By Heather Medley
People who exercise gratitude are 25 percent happier according to a study conducted at the University of California at Davis.
Raising my kids to be grateful is important to me. I don’t want to raise selfish, entitled adults.
When I’m around my children I point out what others have done for them–a lot. I remind them to say thank you – It is a “Magic word” after all - and express gratitude in their words and actions. I share stories with them about people who act selflessly, who work hard and who live humbly.
I point out where I’m grateful to them.
And, if someone exercises gratitude with something I’ve done I share with my kids how much their gratitude meant to me.
Positive reinforcements make a difference.
Gratitude increases our happiness, improves our relationships, and makes us healthier.
And it does so reliably. Over 40 research studies have shown the same thing – gratitude rocks.
PRACTICE MAKES GRATEFUL
One year before Christmas when my children were little, I made them practice opening gifts before we went to our "big Chirstmas" with my family. I went and got things from their rooms, things they’ve already owned, things they weren’t grateful for anymore, and I put them in gift bags. I called them all into the living room, sat them down, and handed them each a sparkly bag. When they pulled toys they already owned out of the bag, their heads shot up and their eye brows furrowed. Then I reminded them that they did like their items and we practiced looking happy, saying thank you immediately, saying at least one way that we would use our new gift or why we liked it.
It made a huge difference.
Months before this holiday drill, one of the children had a birthday party and ripped through the gifts so quickly, no one had time to appreciate the gifts, thank the giver – if we even had time to figure out what was from which guest – and certainly no time to express our gratefulness for their presence and present.
I started a hashtag a few years ago that I used as we re-posted social media stories from scholars, who were mostly studying abroad or graduating, reflecting on how they arrived at that point. From the moment of our first Terry Advising sessions during Red Raider Orientation, I begin to stress the character traits we expect to see from scholars at Texas Tech. I often remind them that there is nothing they did or could do to EARN or deserve $120,000 from a stranger. It’s a gift. It’s a blessing.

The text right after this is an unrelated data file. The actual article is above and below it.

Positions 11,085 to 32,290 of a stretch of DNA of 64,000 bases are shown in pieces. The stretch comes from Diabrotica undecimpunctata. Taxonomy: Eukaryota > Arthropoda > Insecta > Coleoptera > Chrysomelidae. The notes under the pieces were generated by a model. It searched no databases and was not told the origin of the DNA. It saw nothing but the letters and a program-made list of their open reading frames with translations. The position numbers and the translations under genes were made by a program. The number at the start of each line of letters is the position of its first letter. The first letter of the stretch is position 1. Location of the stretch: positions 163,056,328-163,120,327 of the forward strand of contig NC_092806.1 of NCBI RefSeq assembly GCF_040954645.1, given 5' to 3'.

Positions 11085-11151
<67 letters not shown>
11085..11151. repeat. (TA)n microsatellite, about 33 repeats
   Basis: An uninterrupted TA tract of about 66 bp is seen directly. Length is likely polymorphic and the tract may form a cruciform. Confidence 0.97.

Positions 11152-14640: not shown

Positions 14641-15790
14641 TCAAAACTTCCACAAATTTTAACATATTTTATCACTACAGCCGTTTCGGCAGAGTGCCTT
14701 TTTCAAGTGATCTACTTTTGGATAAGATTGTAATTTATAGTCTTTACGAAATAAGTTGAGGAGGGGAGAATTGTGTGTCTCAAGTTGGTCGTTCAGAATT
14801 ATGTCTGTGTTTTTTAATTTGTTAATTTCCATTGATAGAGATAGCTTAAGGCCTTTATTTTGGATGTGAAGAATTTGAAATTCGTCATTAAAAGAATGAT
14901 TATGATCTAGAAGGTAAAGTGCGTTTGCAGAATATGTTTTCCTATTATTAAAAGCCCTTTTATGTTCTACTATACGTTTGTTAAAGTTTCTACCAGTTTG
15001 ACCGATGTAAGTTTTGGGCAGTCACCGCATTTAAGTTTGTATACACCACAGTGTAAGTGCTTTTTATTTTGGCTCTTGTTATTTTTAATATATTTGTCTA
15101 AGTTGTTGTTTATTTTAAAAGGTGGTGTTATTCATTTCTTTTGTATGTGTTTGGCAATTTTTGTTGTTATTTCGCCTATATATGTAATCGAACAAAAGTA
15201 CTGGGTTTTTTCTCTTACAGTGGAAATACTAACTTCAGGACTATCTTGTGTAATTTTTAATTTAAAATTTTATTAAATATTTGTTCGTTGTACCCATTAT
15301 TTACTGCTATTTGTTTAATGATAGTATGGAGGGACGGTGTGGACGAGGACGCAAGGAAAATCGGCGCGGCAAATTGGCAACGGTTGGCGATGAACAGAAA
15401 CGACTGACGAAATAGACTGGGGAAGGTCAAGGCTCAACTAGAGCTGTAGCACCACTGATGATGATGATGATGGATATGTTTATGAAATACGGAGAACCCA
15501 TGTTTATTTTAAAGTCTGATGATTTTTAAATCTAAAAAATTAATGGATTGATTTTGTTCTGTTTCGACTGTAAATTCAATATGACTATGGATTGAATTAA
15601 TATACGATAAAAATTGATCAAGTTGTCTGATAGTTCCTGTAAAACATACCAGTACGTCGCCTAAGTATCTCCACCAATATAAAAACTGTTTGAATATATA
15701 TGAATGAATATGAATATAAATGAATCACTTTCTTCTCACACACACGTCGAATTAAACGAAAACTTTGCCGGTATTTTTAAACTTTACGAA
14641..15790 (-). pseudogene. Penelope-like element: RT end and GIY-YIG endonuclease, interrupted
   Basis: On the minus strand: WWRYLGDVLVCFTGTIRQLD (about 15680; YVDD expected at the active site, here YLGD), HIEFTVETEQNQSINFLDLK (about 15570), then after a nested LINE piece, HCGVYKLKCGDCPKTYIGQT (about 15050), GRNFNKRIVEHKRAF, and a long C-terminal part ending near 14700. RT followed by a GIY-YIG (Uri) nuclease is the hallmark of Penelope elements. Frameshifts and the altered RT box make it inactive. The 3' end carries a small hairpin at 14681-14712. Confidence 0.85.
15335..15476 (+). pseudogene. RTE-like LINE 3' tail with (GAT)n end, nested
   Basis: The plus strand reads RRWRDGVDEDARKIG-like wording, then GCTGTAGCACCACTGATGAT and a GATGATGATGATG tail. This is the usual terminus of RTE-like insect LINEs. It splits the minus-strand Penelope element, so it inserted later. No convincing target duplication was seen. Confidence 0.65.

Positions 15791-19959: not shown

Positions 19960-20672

WHAT ARE YOU GOING TO DO WITH IT?
One of my favorite stories to share is that of Payton Manning, first round, 1998 pick from Tennessee. He was the highest paid draft pick of all time. Hindsight says the Indianapolis Colts made the right decision, drafting Manning and signing him to a six-year, $47.7 million contract with an $11.6 million signing bonus. People very quickly started asking him what he was going to do with all of that money. He responded, “Earn it.”
Manning is a first-ballot Hall of Famer after wrapping up an incredible 17-year career. He threw for 54,848 yards and 198 touchdowns while leading the Colts to the playoffs 11 times and the Super Bowl twice -- winning one -- during his 13 years with the franchise. He has been paid more than any other player in NFL history, and it is not even close.
I’d say that he earned it. Tech Terry Scholars will earn it too.
Their stats will include service in student organizations, academic leadership, and investments in the community. As alumni, they will give back and serve the communities in which they live, their alma maters, and the foundation.
Gratitude works when you’re grateful for something real. Feeling euphoric and spending money like you just won the lottery when you didn’t is probably going to make you real poor, real quick. But what are you actually grateful for? It’s a question that could change your life.
Thinking about those things for which we are truly grateful can have an enormous impact. Try one of these to get started:
- Gratitude Journal
At the end of each day, write down – or even just say aloud - a few items for which you are grateful.
I once read a book, One Thousand Gifts by Ann VosKamp, where she catalogs these gifts. They are the ordinary and every day things like “morning shadows across old floors, jam piled high on the toast, cry of blue jay from high in the spruce” (those are numbers 1, 2 and 3 on the list). One Thousand Gifts is about seeing the need for gratitude and then learning to express it not just in spite of life’s trials, but even through them. She refers to this as eucharisteo, a Greek word for thanksgiving.
It is a brilliant and potentially life changing exercise.
Thankfulness feels good, it’s good for you and it’s a blessing for the people around you, too. It’s such a win-win-win that I’d say we have cause for gratitude.